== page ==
There is an eerie Orwellian cost to the Obama administration’s refusal to use the term “War on Terror” to describe its … war on terror. In his briefing after the White House’s admission that two hostages — one American, one Italian — were killed in a U.S. “operation,” press secretary Josh Earnest struggled mightily to avoid the word “war” to describe exactly what the U.S.is up to. Finally he gave in and stated that under the Authorization for Use of Military Force Against Terrorists, the nation is “at war” with al Qaeda.

Why do the words matter? Because the inevitability of civilian casualties, even in the most justified of wars, is accepted both in international law and in the ethics of war. Civilian casualties are never good. They are a tragedy, a terrible cost that must be avoided whenever possible. But in wars, they happen.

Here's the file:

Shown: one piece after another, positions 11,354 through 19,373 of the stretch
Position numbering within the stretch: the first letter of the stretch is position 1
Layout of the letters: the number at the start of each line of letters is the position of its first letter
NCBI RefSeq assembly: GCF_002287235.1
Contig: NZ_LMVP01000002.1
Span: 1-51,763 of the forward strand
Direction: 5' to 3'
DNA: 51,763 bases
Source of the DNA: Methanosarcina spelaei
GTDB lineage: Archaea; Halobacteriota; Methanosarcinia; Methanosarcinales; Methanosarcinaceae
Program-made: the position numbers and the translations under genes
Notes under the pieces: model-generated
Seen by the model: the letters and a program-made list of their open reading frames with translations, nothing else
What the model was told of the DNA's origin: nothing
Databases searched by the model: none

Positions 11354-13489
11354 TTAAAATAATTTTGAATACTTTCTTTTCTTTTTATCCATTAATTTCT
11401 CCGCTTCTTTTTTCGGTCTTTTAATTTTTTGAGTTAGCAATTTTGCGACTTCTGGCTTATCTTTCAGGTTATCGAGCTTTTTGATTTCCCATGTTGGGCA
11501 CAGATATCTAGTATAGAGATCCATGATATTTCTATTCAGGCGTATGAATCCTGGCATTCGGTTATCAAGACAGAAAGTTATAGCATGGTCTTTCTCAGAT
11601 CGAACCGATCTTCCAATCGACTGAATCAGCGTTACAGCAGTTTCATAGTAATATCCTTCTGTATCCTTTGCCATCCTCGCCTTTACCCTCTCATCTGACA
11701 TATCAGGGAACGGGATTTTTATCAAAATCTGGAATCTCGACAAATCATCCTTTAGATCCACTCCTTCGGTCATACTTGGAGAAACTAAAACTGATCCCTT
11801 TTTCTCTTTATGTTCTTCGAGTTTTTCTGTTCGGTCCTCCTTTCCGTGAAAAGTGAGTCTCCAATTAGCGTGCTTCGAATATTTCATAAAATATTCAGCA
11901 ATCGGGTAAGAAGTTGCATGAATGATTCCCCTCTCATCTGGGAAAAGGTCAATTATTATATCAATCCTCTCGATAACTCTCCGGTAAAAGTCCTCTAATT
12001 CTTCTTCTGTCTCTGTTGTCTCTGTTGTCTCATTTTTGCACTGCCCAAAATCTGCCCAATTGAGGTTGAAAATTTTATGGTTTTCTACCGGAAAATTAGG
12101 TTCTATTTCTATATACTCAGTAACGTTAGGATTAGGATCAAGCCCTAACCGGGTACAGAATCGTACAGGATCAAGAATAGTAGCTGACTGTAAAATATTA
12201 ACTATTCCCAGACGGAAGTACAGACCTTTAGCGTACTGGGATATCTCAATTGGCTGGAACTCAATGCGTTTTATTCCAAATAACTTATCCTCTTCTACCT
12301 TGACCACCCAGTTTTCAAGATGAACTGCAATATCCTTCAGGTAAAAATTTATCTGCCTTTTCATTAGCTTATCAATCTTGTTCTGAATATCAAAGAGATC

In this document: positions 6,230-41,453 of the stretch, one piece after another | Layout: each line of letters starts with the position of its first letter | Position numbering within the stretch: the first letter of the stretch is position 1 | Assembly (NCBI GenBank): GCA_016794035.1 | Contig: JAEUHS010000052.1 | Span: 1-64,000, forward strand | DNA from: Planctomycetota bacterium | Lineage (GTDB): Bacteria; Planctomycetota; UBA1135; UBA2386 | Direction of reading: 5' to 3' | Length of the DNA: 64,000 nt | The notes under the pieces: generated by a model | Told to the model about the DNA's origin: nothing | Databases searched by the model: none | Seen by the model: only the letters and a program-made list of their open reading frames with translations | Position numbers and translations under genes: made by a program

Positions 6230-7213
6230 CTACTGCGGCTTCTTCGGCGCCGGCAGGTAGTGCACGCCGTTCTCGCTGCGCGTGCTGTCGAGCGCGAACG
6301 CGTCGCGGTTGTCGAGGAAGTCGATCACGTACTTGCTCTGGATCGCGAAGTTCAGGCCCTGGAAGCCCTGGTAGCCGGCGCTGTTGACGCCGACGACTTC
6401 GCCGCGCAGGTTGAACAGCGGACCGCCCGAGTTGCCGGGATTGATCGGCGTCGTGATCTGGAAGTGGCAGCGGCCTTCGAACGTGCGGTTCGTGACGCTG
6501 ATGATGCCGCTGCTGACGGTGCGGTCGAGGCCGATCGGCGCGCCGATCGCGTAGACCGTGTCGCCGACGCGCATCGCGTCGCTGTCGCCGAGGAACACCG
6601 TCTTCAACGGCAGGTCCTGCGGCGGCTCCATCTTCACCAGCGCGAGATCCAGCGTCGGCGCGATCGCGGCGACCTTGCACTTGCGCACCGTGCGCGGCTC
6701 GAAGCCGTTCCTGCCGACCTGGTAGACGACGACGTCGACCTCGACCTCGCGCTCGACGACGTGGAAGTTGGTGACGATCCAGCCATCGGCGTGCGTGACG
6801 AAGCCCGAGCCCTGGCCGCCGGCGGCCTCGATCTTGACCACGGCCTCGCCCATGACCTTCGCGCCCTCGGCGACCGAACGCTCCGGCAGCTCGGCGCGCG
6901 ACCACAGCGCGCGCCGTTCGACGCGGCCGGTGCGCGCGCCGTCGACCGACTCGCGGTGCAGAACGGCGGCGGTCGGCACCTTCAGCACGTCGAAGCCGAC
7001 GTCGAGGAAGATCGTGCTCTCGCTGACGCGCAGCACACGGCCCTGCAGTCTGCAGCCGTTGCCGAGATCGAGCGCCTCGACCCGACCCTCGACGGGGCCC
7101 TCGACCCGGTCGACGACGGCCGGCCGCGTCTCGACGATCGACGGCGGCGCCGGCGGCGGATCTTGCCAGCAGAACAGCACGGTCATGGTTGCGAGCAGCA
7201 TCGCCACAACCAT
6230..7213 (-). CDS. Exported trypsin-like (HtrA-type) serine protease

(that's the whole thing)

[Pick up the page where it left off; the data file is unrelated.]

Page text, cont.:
As the philosopher Michael Walzer has pointed out, in the fluidity of minute-to-minute wartime decisions, it’s not possible to act with the sort of precision that might be called for in the classroom. Targeting noncombatants is forbidden. Nevertheless, they always suffer horribly in war.

The problem the White House faces is its stubborn insistence that its non-war is being fought with precision. Earnest used that very word repeatedly. But it’s hard to take the claim seriously in light of calculations, like those published in the Guardian last November, that U.S. efforts to kill just 41 leaders of al-Qaeda and other groups caused some 1,147 civilian casualties. Even if we discount that number by half, the tradeoff involved is profoundly troubling.

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